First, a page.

Did you know there are books to study for everything these days? My students want to study for the TOEFL (Test of English as a Foreign Language). They also want to read children's books in English to practice reading, so today I stopped by the local branch of the library to set up a visit for my class.
I took the Federal Government Civil Service Exam in January of 1966. I had just left college before completing my degree in teaching. I needed a job. Since we lived in a highly impacted Federal employment area, my father's assistant suggested that I go to the post office and sign up to take a civil service exam. Desperate to get a good paying job in order to earn enough money to return to college, I took her advice. I remember getting a notice that several registers were open for hiring, and those interested in getting a placement on the hiring register should report on a given date to the post office to take the exam. I showed up for the exam without ever giving a thought about preparing to take it. I don't even know if there were any sort of study guides back in those days.
I do remember that the test was given in a large room filled with people. We were told that there were few slots available for jobs. We were then told that our scores would be listed on the registers for those jobs that we qualified for that were available. Hiring would be done according to score. The highest scoring applicants would be called first.
A few weeks later, on February 14, 1966, I was called and asked to report to work for the IRS. I had passed the test, and there was a position within the Internal Revenue Service in Ogden, Utah, where I was living at the time, that I qualified for. I reported to work just as I was requested to do. It took several days to sign papers and take some basic training before I actually found out where I would be assigned.
Then, exactly 45 years ago today, on February 16, 1966, I was finally working in my new department. I was assigned to work in the batching and receiving department. It wasn't very glamorous. In fact, I wonder why I had take an exam to get the job. My title was: numbering clerk. Yes, I, and about four or five others, had to stamp every page of every tax return that we received through the mail with a DLN (document locator number). This was all done by hand! And, we had to stamp a certain number an hour and batch them into batches to be sent to tax examiners. I think we were working on stamping and batching 1040A forms on this particular day.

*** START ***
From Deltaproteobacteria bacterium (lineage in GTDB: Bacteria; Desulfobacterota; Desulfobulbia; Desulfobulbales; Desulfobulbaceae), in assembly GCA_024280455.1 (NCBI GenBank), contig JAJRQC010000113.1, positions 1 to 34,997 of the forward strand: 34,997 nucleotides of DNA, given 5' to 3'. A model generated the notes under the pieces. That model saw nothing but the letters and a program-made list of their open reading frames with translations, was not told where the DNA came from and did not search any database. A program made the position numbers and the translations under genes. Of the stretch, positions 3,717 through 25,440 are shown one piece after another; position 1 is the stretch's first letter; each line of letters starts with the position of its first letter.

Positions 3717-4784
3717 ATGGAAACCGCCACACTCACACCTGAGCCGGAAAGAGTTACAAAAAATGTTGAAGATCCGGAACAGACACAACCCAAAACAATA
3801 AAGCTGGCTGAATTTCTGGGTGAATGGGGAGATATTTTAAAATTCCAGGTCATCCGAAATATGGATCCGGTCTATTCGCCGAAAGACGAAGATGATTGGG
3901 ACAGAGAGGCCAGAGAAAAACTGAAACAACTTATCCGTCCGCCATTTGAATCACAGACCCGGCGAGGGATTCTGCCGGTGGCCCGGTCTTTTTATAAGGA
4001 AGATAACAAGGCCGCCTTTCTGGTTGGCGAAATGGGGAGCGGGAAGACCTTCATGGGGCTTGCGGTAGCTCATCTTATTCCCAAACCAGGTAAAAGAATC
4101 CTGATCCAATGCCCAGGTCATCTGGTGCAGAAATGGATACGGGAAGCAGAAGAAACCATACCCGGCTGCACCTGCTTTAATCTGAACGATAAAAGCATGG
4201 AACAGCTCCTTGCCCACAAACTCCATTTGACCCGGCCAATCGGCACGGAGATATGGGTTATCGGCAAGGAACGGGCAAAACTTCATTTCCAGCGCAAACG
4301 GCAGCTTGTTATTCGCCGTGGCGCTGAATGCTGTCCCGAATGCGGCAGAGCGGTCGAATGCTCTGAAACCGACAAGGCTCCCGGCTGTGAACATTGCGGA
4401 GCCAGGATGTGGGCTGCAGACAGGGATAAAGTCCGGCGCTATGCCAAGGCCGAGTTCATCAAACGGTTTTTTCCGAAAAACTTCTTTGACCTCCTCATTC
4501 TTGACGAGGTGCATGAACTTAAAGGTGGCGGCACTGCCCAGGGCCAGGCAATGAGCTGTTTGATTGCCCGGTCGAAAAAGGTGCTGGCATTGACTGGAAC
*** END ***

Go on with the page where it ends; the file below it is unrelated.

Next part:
The job would have made a young girl who had a few years of college under her belt and a dream of being a teacher in her heart crazy except that on that particular day, all these years ago, a young, good-looking, charming, and funny guy was also hired to work beside me. It turns out that we had tied for the top score on the exam. We both had to be placed before any other additional hiring could be done. Yep, we tied for first place on the civil service exam.
Six months later, this same new hire became my first husband. I guess it was fate that we both took the test on the same day, got the same score, and were hired on the same day. If it were not fate, it at least makes a good story.
We both went on to leave the civil service world a few years later. In time, we both became teachers. We also gave birth to five very bright and beautiful children. We had many good years together and some bad. We later divorced.
Who could ever have known what would come from taking a civil service exam and scoring the exact same score as another person. I wonder what would have happened if one of us would have studied.